Federation Day, July 14, 1790

Federation Day, July 14, 1790

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Title: The Federation made on July 14, 1790,… Almanac for 1791.

Creation date : 1790

Date shown: July 14, 1790

Dimensions: Height 73 - Width 52

Technique and other indications: AE / II / 3699 Color etching

Storage location: Historic Center of the National Archives website

Contact copyright: © Historic Center of the National Archives - Photography workshop

Picture reference: AE / II / 3699

The Federation made on July 14, 1790,… Almanac for 1791.

© Historic Center of the National Archives - Photography workshop

Publication date: July 2014

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Federation Day, July 14, 1790

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Historical context

A military celebration for the whole nation

In 1790, the Constituent Assembly decided to organize a large "Federation of Line Troops and National Guards" on the model of the federations that have spread in the provinces since the previous year.

The central actor of this holiday is the National Guard. To control the armed elements likely to trigger riots, in Paris as well as in the provinces, it was decided to unite in a common oath the National Guards, appointed after a two-tier election, and the line troops, represented by the oldest soldiers.

The party is set on the anniversary of the storming of the Bastille, and carefully organized to avoid any overflow. Louis XVI, reluctant to the evolutions in progress, did not take advantage of this unique event, leaving all the triumph to La Fayette.

Image Analysis

Wall calendar for 1791

A rare preserved example of a wall almanac, this "Almanac engraved for 1791" (70x50 cm) is part of a tradition dating back two centuries: the distribution of large engravings reproducing an important event and accompanied, in the lower part, by a calendar. The publisher, Paul-André Basset, who belongs to a family of print and wallpaper dealers based in Paris, rue Saint-Jacques, here adapts a form of royal power propaganda to the spirit of 1790.

The grandiose staging and the course of the feast of the Federation are evoked with precision. The immense tiered enclosure erected at the Champ-de-Mars closes in the foreground (on the Seine side) on a gigantic triumphal arch. In the center stands the circular altar framed by antique torches and surrounded by the flags of the sixty battalions of the Paris National Guard. Under the covered platform backing onto the Military Academy, the king is surrounded by the royal family, the municipality and ambassadors. Under the triumphal arch pass in the center the deputies of the National Assembly, framed by detachments of troops. Nothing is missing, not even the umbrellas that shelter the deputies and the audience from the flood!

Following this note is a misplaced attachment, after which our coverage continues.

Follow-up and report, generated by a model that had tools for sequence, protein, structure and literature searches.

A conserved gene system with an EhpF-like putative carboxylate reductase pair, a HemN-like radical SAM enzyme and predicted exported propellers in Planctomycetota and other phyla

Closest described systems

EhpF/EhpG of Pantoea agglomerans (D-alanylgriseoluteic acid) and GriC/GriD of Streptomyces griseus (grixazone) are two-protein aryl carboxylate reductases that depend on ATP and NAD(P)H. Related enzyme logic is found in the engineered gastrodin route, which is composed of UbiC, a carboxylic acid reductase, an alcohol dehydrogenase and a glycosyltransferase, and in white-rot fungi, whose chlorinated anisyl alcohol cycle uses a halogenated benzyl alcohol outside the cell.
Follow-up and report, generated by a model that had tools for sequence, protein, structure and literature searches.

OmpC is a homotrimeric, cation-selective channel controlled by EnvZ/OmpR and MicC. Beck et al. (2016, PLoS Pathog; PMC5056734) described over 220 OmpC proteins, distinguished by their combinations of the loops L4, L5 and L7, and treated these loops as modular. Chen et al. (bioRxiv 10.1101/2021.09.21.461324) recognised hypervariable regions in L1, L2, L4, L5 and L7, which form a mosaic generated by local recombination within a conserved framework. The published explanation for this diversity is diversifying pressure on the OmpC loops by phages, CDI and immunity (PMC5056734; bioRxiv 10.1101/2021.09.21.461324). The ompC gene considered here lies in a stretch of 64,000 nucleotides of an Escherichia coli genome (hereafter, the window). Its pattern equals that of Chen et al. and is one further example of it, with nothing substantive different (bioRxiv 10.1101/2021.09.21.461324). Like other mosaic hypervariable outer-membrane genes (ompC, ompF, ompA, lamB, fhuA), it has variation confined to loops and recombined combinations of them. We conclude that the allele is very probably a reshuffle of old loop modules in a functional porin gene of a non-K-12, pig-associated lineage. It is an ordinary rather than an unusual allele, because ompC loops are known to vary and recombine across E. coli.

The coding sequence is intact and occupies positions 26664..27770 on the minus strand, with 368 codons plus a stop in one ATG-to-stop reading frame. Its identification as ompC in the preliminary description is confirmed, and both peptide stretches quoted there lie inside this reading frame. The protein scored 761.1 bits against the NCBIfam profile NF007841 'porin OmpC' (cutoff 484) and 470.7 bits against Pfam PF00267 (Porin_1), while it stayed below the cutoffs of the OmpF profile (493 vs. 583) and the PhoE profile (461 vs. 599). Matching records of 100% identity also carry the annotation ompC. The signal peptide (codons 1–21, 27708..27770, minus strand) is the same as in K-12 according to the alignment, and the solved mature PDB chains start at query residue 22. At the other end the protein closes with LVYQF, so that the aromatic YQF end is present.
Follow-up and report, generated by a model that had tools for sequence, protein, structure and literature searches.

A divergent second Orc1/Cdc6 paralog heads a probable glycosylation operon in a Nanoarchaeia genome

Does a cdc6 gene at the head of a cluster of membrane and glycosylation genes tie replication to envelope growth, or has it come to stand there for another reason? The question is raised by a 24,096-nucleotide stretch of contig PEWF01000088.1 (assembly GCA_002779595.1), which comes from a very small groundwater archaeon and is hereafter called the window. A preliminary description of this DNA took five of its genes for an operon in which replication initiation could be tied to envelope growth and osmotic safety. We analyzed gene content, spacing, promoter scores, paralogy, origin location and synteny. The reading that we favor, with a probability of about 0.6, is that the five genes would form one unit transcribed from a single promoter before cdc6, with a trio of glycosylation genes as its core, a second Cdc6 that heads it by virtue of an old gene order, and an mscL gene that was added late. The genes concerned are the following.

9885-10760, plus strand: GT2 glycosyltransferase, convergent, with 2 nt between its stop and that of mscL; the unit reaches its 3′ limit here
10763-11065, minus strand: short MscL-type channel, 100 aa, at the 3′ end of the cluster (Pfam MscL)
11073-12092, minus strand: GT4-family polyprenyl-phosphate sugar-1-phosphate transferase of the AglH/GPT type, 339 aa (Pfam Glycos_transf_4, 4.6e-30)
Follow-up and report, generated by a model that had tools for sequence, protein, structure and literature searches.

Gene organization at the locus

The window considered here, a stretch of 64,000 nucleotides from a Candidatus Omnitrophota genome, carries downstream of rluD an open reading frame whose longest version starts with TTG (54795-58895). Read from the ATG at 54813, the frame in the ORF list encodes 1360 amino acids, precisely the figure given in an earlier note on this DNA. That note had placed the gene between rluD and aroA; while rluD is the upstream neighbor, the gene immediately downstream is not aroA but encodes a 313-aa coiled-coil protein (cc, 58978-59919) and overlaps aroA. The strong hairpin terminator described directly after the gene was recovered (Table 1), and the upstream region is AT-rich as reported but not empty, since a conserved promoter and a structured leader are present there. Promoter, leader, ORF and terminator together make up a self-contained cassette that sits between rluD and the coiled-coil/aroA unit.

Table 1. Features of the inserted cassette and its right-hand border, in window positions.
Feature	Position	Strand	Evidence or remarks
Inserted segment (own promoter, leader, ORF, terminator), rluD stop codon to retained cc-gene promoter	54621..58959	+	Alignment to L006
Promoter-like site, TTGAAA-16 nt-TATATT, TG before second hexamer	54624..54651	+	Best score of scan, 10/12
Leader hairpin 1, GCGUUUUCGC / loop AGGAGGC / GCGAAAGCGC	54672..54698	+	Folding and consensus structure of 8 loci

At the top of the image symbolically appears the Phrygian cap resting on the point of the monarchical sword accompanying the new motto: "the Nation, the Law and the King". The deputies inset: La Fayette, Commander-General of the National Guard, Bailly, Mayor of Paris, Alexandre de Lameth, supporter of the abolition of privileges and parliaments, Sieyès, theoretician of the ideas of the third estate, Thouret, rapporteur for the draft creation of departments, and Camus, who watches over the archives of the Assembly, are known to be moderate notables, those who sparked this national gathering.

Under the image, on either side of the monarchical emblem of the fleur-de-lis on the field of azure, surmounted by the crown, two flags display the three colors in their original arrangement, which was horizontal. The decoration of anchors, tridents and bundles of goods symbolizes great trade, a sign of prosperity and fertility, like the horns of plenty where oak twigs take root, signs of lasting strength.

Interpretation

A moment of national union and the birth certificate of French patriotism

Through its naïve decorum, this popular print emphasizes the spectacular nature of the party and the unanimity of the participants. Contemporaries saw it as a major and extraordinary event. Of course, this day only brings together active citizens who pay tax, but the patriotism and the feeling of forming the nation together are particularly noticeable.

The presence of the “Nation” alongside the “Law” and the “King” ensures consensus, far from any revolutionary aspect that could be linked to federations or to the storming of the Bastille. In July 1790, on the contrary, a real fervor for new ideas coexisted with attachment to the royal person. For the first time, the march of the provinces towards Paris illustrates both national unity, convergence towards the center of the country and the renunciation of particularisms.

But this apparent consensus conceals a lot of ambiguities and will remain as a short and precarious parenthesis in the history of the period; soon the federates will push for a radicalization of the Revolution.

  • July 14th
  • Constituent Assembly
  • Champ-de-Mars
  • federated
  • Federation Party
  • National Guard
  • nation
  • Paris
  • capture of the Bastille
  • Talleyrand-Périgord (Charles-Maurice de)
  • Abbot Sieyès
  • Bastille
  • French Revolution

Bibliography

F. FURET, M.OZOUF Critical dictionary of the French Revolution. Article Fédération.Paris, 1988.Archives de France The French Revolution through the archives. From the Estates General to 18 Brumaire , ... Document 31Paris, 1988.M.PREAUD The effects of the sun, almanacs from the reign of Louis XIV.Paris, RMN, 1995.

To cite this article

Luce-Marie ALBIGÈS, “Fête de la Fédération, July 14, 1790”


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